One of the problems with accepting a loan or investment is the pressure to grow quickly – which might lead you to take on staff and other expenses before your business starts making money, resulting in cash flow problems and difficulty repaying the loan.  

By bootstrapping the business, you won't have to worry about paying back any debt. Nor will you have to contend with an angry investor if things go south.

3. You have freedom to experiment.

Very few small businesses are overnight successes. It often takes several iterations of a business idea to figure out what works – which can be frustrating if you have an outside investor or some form of equity funding.

If you bootstrap, you have leeway to tweak the product or service and figure out how you want your business to grow.

Cons of bootstrapping

Bootstrapping requires you to be scrappy and frugal. You have to watch every penny, since it could take a long time for your business to start bringing in money. This requires you to grow slowly, which means it may take longer to reach profitability than if you had a lot of cash or outside funding. Here are other disadvantages of bootstrapping to consider.

1. It may hinder your business's growth.

Startup funding is just part of running a business; you also need working capital to support operations. When you bootstrap a business, you might face cash flow or capital constraints that prevent your company from growing. It might also mean you miss an opportunity to reach new customers, expand, or pivot when necessary.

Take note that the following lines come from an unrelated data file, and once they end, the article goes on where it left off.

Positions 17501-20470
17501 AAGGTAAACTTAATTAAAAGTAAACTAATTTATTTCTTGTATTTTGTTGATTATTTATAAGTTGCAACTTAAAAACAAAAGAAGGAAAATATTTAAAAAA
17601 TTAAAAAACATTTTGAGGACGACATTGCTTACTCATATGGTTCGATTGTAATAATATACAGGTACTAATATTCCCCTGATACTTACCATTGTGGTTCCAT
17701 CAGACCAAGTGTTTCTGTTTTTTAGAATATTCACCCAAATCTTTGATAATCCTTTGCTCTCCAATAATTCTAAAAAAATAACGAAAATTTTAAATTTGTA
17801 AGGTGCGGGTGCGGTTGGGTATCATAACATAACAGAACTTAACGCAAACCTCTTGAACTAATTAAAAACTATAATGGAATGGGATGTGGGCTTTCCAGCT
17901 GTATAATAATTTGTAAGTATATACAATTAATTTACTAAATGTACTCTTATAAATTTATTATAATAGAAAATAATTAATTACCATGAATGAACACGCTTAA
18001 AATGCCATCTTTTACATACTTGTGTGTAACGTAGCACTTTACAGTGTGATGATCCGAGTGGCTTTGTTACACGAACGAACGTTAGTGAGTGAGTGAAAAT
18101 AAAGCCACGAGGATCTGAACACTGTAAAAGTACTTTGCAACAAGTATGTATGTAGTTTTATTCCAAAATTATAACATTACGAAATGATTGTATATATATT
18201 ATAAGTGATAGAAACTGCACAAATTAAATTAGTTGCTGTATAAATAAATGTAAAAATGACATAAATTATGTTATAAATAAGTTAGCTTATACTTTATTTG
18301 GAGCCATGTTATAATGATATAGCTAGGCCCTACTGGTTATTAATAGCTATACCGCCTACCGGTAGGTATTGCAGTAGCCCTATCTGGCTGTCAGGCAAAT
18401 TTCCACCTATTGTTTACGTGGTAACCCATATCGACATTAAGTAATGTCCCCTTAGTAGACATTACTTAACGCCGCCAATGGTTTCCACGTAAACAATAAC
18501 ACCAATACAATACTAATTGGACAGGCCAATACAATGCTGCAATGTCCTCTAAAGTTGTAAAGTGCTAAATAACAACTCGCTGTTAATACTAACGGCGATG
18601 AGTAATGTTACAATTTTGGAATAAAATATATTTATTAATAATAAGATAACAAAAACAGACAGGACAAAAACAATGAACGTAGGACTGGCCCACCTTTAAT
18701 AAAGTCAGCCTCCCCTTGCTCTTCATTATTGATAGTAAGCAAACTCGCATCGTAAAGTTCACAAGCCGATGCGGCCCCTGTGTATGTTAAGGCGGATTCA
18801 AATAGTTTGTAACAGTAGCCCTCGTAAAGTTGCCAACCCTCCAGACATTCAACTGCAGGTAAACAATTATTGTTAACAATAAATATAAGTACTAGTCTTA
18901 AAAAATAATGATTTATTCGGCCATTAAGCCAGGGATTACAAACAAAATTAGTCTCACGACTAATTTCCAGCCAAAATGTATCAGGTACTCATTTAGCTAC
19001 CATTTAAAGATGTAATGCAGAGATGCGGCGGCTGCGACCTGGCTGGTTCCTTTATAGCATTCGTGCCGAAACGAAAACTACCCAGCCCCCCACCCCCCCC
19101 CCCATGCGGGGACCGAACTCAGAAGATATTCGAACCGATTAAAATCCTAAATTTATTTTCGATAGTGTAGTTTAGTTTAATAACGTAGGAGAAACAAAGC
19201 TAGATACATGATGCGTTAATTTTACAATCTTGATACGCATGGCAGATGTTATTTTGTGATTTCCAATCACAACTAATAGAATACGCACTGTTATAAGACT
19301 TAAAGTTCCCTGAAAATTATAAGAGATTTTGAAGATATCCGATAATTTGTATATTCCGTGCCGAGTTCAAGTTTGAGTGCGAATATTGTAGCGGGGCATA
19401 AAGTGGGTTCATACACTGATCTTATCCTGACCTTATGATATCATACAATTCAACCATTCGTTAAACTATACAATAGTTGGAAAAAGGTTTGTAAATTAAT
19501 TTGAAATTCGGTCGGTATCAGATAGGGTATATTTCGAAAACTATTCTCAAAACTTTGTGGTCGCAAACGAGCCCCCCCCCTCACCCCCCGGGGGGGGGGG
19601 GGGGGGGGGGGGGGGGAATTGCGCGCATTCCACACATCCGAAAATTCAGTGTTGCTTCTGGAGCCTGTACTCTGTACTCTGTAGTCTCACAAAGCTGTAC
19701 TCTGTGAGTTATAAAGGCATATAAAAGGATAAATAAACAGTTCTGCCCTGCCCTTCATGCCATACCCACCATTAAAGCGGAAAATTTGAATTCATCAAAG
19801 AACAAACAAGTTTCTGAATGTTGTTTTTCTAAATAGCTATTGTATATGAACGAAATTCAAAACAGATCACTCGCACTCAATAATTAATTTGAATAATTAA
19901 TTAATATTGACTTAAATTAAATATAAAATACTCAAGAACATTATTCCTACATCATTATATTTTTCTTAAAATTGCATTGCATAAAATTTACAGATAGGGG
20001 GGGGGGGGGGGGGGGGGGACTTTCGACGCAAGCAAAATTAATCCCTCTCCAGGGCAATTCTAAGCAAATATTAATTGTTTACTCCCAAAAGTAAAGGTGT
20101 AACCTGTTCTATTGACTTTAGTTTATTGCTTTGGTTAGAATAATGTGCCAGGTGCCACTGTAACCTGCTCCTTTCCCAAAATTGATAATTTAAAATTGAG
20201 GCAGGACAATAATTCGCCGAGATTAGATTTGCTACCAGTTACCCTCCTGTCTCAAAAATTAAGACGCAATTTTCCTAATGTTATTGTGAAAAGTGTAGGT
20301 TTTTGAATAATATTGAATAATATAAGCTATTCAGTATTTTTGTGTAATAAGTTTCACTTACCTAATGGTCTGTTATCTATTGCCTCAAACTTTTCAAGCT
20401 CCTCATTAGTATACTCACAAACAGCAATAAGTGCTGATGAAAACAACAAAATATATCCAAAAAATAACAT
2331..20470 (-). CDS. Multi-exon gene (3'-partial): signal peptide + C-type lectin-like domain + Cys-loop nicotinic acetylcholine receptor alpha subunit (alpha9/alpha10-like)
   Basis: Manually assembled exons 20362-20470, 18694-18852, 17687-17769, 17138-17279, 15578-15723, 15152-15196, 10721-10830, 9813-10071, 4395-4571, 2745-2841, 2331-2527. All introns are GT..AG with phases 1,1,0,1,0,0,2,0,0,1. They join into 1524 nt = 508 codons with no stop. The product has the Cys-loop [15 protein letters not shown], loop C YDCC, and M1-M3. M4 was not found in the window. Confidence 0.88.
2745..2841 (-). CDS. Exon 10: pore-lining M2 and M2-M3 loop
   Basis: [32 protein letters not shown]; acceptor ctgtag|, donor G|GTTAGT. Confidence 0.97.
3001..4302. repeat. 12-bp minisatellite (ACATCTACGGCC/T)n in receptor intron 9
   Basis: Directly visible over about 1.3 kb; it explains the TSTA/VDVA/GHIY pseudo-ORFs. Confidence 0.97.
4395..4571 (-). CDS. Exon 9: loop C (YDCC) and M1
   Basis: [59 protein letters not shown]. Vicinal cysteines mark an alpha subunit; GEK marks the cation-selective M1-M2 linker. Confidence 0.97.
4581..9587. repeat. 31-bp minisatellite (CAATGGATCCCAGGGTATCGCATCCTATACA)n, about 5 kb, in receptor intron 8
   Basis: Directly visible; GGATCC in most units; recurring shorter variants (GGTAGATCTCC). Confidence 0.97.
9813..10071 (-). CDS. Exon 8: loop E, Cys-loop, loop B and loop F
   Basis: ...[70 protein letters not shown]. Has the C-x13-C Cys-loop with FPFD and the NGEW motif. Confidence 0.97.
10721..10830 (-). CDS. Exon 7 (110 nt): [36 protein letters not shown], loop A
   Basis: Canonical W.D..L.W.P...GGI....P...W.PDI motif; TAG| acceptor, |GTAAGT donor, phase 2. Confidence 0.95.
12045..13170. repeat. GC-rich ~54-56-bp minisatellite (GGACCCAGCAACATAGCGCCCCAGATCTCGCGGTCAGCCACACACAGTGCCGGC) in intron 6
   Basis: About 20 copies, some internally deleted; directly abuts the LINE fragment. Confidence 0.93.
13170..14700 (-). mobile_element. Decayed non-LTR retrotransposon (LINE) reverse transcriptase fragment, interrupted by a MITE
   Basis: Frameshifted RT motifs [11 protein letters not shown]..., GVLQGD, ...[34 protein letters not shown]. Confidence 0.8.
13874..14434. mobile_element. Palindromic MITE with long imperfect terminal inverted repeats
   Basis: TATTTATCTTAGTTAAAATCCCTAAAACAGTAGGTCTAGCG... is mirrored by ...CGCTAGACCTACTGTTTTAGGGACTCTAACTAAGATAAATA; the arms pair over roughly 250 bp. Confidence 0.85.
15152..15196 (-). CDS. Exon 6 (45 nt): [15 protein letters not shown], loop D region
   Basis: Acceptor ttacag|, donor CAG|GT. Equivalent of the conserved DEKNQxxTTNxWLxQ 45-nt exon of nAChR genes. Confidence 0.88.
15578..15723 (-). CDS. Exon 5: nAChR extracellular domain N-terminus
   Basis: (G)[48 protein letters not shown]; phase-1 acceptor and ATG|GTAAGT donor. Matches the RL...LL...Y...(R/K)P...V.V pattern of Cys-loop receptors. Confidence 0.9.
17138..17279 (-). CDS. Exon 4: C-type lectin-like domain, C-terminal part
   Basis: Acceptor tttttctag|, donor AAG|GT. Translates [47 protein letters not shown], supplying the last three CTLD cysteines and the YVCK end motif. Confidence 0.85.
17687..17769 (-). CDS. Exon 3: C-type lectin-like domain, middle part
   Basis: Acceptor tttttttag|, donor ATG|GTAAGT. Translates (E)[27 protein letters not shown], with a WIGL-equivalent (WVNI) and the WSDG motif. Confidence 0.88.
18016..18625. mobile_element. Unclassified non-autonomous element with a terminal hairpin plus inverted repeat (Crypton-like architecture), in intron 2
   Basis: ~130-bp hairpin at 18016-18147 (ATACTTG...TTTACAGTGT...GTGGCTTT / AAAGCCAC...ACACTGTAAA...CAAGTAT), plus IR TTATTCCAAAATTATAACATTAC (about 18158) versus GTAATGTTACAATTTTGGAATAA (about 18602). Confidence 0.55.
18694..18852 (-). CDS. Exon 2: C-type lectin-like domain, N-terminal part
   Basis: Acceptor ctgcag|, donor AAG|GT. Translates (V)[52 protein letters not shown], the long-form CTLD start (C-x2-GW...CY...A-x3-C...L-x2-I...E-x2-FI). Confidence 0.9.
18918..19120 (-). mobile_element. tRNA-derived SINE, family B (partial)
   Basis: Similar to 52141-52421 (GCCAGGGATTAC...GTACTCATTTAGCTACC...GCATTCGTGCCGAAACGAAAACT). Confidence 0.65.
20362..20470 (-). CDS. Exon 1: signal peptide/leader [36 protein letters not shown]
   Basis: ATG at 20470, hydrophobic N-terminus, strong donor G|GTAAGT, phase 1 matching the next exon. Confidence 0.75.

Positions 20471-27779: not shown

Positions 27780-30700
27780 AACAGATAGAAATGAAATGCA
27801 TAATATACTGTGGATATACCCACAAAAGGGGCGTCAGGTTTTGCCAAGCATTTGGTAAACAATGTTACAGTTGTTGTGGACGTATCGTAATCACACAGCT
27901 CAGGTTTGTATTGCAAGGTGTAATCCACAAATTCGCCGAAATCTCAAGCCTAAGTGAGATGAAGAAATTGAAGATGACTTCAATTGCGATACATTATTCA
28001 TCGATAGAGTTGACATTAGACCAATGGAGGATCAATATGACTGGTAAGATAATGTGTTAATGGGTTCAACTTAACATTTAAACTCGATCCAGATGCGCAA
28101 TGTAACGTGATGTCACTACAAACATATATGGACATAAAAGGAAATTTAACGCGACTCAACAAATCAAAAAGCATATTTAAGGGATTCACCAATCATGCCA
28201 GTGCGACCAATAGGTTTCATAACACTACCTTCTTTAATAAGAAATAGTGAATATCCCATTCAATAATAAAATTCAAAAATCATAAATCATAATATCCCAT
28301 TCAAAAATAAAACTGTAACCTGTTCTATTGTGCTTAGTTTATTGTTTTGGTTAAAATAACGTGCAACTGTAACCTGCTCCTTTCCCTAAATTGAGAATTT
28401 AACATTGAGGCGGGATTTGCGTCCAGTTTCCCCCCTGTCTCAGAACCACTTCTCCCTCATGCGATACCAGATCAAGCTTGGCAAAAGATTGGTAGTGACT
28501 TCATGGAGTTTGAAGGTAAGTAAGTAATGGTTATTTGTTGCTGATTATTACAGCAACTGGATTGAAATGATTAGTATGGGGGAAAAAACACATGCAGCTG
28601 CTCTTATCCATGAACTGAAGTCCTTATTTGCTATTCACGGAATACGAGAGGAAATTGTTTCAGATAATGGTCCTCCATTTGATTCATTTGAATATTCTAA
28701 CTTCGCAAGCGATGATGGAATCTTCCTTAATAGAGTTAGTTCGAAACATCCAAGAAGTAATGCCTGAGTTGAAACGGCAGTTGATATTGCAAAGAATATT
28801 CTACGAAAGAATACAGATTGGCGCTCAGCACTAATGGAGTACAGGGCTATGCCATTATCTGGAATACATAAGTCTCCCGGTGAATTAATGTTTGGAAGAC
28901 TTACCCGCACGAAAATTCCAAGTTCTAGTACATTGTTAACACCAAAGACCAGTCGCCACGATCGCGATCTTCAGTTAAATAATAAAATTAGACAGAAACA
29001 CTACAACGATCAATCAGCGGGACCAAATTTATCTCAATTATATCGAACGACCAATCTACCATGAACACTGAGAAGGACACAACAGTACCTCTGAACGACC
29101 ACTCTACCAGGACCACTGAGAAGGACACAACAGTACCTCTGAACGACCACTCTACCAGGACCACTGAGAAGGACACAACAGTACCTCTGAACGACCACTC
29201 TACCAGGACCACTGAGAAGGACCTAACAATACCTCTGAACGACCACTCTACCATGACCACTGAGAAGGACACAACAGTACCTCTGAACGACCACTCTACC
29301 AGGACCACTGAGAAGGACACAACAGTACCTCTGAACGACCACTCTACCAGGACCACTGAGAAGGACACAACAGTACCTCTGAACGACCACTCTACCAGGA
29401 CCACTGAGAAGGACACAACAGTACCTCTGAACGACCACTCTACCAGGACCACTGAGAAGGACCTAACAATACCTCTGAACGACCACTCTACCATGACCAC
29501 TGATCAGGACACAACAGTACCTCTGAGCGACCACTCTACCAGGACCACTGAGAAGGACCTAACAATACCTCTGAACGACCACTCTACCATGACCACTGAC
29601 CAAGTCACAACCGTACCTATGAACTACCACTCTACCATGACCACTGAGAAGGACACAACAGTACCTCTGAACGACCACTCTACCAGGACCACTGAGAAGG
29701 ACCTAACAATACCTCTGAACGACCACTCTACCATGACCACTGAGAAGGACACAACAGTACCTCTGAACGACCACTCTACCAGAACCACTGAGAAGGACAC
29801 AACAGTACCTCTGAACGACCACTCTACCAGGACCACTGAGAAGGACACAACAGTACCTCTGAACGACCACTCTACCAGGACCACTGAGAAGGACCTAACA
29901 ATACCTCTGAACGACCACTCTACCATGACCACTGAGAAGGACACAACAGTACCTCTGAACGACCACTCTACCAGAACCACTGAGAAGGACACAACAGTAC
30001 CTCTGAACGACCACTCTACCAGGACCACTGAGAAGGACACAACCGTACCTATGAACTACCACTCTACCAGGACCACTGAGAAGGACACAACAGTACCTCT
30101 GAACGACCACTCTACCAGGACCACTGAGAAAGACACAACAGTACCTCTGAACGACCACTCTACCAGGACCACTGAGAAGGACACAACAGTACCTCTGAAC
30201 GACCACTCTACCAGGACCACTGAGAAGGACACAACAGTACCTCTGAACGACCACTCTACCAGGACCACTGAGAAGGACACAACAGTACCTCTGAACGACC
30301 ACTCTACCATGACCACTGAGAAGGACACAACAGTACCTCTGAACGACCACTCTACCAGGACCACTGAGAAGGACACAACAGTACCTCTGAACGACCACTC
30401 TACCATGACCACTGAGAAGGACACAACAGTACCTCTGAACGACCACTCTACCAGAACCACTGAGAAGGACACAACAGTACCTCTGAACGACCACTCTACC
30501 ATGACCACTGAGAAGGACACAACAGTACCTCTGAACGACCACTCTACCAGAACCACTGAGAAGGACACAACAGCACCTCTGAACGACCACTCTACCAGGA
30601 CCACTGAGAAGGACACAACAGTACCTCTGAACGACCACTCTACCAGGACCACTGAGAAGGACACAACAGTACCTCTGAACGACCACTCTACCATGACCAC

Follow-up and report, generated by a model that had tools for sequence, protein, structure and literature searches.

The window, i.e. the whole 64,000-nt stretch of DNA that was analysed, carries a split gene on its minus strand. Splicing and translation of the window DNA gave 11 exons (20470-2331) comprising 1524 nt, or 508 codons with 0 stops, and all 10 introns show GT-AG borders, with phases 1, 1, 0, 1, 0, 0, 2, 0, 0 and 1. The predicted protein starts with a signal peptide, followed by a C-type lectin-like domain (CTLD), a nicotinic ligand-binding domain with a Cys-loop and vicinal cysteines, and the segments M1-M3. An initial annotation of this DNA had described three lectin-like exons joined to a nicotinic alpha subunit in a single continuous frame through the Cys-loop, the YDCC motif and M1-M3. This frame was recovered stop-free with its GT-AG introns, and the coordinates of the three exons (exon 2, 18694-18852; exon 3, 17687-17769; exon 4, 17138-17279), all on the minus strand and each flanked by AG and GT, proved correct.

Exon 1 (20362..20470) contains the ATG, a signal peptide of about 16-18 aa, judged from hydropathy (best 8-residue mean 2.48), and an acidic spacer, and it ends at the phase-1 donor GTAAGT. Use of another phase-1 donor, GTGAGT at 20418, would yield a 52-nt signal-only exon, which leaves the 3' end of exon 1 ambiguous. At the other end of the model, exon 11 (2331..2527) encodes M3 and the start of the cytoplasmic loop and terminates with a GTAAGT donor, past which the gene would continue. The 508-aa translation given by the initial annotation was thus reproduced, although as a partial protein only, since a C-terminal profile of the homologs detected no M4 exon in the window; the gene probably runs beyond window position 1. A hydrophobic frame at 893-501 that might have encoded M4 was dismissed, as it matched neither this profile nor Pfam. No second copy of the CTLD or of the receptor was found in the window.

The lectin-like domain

"Bootstrapping a business is a great way to maintain control and ownership of a business, but the lack of access to working capital can often be an inhibitor to growth," said Dan Brames, an executive vice president at FIS. "As we also saw recently during the COVID-19 [pandemic], a significant cause of stress when shutdowns or supply chain issues mean tough decisions when paying your people or suppliers."

2. It's time-consuming and stressful.

Raising venture capital takes time and work, but once you land the funding, you have a team of experts at the ready to provide advice and help you grow revenue. That's not the case when you bootstrap a business. You're going it alone. You won't have a venture capitalist to bounce ideas off of. Nor will you have cash in the bank that allows you to test a theory. Everything falls on you, which adds to the pressure and stress.

"If you are bootstrapping, it doesn't leave much time for anything," Sadej said. "There's also a higher risk of burnout."

Examples of successfully bootstrapped companies

Despite the risks of bootstrapping a business, there are many success stories business owners can draw from. These three companies are just a small sampling of startups that eschewed outside investors and successfully forged ahead on their own.

Spanx

In 1998, Sara Blakely needed a smooth undergarment for cream-colored pants and found it by cutting the feet off a pair of nylons. That quick and ingenious fix spawned an idea, a product and a company.

Blakely didn't seek investors or help from family and friends. She used $5,000 in personal savings, found a manufacturer to make her product, and inked her first major deal to sell Spanx at Nieman Marcus – all within two years.

Now, Spanx is over 750 employees strong and Blakely is a self-made billionaire. Thanks to Blakely's drive and determination, Spanx achieved profitability in its first year, reportedly bringing in $4 million in sales, which has grown to an estimated $400 million annually. The company is still 100% owned by Blakely.